After the granulation has been dried, the apparatus is stopped, an exit port 34 opened and the granulation batch removed for processing into solid dosage forms.
As noted above, it is desirable to maintain the granulation temperature at from 40° to 60° C. Granulation temperature may be monitored by conventional means, for example, by a temperature sensor 36 affixed to the outside surface of the mixing chamber 11. Since the granulation as it is blended in the chamber is in contact with the walls of the chamber, the outside sensor 36 is a reliable indicator of the granulation temperature.
In one embodiment of this invention, air may be brought into the mixing chamber through means other than through conduit 24 at the top of the mixing chamber 11. For example, air may be introduced into the mixing chamber, via conduit 37 through the mixing blades 14 at the base of the mixing chamber 11, (see FIG. 2). Air may also be introduced into the mixing chamber, simultaneously, through both top conduit 24 and bottom conduit 37.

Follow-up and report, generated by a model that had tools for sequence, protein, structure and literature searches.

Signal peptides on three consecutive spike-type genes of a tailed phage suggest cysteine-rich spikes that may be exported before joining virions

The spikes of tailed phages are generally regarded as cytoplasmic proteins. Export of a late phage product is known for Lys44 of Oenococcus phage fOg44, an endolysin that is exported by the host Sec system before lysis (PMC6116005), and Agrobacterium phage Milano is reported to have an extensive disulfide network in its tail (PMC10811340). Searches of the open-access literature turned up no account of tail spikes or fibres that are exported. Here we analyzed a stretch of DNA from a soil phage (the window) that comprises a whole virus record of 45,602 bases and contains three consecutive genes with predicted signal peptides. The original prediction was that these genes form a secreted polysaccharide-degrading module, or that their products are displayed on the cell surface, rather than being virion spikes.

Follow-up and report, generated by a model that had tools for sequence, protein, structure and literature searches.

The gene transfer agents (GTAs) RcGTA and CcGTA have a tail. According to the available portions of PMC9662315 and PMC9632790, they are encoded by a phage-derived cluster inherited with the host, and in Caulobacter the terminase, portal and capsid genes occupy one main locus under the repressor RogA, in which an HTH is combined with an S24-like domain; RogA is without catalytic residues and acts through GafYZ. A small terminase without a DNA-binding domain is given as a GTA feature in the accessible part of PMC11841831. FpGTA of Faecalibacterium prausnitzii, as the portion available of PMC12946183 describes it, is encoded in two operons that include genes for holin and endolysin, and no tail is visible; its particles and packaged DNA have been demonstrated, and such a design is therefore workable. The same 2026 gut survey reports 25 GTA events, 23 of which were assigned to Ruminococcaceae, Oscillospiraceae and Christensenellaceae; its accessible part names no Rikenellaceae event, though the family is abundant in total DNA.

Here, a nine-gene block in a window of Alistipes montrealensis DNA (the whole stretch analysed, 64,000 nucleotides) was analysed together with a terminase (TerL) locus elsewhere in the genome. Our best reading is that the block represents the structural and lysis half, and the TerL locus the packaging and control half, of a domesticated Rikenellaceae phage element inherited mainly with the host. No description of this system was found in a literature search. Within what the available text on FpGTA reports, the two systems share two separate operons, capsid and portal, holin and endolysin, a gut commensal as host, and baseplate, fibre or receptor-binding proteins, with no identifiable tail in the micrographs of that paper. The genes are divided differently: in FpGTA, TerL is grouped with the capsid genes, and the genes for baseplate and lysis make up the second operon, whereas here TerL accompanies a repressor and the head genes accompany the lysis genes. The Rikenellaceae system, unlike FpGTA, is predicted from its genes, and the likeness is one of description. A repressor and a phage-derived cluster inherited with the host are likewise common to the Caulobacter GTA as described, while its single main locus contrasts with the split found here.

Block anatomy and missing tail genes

As can be appreciated by those skilled in the art, the process of this invention provides a rapid and economical process for a one step batch processing of medicament formulations into granulations that are suitable for immediate conversion into pharmaceutical-solid dosage forms.
Although the invention is illustrated and described with reference to one preferred embodiment thereof, it is to be expressly understood that it is in no way limited to the disclosure of such a preferred embodiment, but is capable of numerous modifications within the scope of the appended claims.
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|Citing Patent||Filing date||Publication date||Applicant||Title|